Primrose Hill


Ideally located between St John’s Wood, Regent’s Park, Camden Town and Chalk Farm is a small public park with towering hilltop views over London. On its slopes is a scenic and thriving commune known as Primrose Hill. The local residents include: writers, photographers, actors and musicians. Primrose Hill has been notorious for attracting the artistically inclined. Numerous blue plaques within the neighbourhood are testament to the fame of the notable residents, including the poet Sylvia Plath, Sir Henry Wood and WB Yeats.

View from Primrose Hill

View from Primrose Hill

Primrose Hill’s centre is known as Primrose Village and this is the most coveted part of the neighbourhood, being mainly of wide, tree-lined streets and elegant stucco-fronted houses. It features a charming shopping street with a varied selection of smart shops. The green space, which gives Primrose Hill, its name, spans 112 acres, with the Hill itself, standing at a height of 206 feet. As one of the highest points in London, on a clear day it provides panoramic views of Canary Wharf, The Millennium Dome and the Post Office Tower.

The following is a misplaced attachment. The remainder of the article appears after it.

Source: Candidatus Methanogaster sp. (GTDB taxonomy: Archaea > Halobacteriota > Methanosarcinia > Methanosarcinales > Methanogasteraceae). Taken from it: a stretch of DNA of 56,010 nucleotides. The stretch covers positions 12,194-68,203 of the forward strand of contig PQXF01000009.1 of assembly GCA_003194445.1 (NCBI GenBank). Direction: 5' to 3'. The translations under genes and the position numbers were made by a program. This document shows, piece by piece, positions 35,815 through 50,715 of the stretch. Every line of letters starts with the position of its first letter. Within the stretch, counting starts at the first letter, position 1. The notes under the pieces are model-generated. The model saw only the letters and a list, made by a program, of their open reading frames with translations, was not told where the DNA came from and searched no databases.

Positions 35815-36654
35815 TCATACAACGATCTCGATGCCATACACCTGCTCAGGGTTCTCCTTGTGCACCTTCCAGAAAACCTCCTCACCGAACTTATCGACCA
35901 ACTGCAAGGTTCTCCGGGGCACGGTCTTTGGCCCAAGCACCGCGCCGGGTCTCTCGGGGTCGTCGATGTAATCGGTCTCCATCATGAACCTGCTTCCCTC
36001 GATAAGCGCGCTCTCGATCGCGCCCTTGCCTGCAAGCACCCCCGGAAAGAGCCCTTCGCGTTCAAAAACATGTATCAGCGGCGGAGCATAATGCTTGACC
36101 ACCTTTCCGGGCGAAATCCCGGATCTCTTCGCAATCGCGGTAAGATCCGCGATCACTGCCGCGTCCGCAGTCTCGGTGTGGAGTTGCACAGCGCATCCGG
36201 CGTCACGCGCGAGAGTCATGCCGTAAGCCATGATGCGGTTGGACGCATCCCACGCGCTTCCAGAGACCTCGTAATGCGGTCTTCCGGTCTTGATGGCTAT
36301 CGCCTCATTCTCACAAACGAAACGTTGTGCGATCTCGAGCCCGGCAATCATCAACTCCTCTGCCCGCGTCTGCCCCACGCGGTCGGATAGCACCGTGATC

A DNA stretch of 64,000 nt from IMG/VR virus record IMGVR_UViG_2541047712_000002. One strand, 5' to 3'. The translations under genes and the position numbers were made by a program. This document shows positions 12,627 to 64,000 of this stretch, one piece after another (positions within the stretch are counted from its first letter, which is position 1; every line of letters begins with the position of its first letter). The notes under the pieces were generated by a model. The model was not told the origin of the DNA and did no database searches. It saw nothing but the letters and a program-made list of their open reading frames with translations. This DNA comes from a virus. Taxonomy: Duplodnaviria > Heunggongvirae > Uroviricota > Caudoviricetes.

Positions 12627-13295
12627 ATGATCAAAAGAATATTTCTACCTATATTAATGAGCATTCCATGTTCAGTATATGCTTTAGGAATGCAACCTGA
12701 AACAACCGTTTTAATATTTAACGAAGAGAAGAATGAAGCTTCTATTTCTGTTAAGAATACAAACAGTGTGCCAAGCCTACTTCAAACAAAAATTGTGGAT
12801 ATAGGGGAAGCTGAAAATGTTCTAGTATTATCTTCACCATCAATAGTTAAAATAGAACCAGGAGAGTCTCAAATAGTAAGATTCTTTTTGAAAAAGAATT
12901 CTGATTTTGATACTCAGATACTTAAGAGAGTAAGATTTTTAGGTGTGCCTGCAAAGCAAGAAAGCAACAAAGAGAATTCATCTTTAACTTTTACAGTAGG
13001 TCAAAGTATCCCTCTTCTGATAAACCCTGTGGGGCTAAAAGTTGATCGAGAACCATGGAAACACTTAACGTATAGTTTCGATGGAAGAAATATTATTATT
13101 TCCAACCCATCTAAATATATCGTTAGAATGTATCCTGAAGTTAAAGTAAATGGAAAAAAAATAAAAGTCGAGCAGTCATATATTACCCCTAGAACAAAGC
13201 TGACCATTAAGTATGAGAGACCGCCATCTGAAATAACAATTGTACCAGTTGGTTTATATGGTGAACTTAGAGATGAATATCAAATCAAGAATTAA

Primrose Hill Park

Primrose Hill Park

During the period of Henry VIII, Primrose Hill and Regent’s Park was typically a hunting forest.

By 1841, most of Primrose Hill was open to the public. Conservationists and the planning authority placed tight controls on new building in the area and the public were also determined that the broad open landscape should be retained. Also in 1841 it was bought from Eton College and opened to the public to calm the ordinary folk, who were then deprived of the right to use parts of Regent’s Park. It has been a favourite leisure spot ever since.
In 1842 the land was purchased by the Crown from the Eton Estate and made into a park by an Act of Parliament.

Today, Primrose Hill is a highly civilized neighbourhood with refreshingly unstained pavements. Over the years it has evolved into a highly desirable locality that is popular with both families and professional couples. The ‘village’ is considered to link the roads located between Chalk Farm station and the Hill itself – the main road spans between the two being Regent’s Park Road.

Chalcot Square

Chalcot Square

Primrose Hill is made up of varying buildings ranging from four and five-storey white stucco Victorian houses, mansion blocks of flats and redbrick Victorian terraces.

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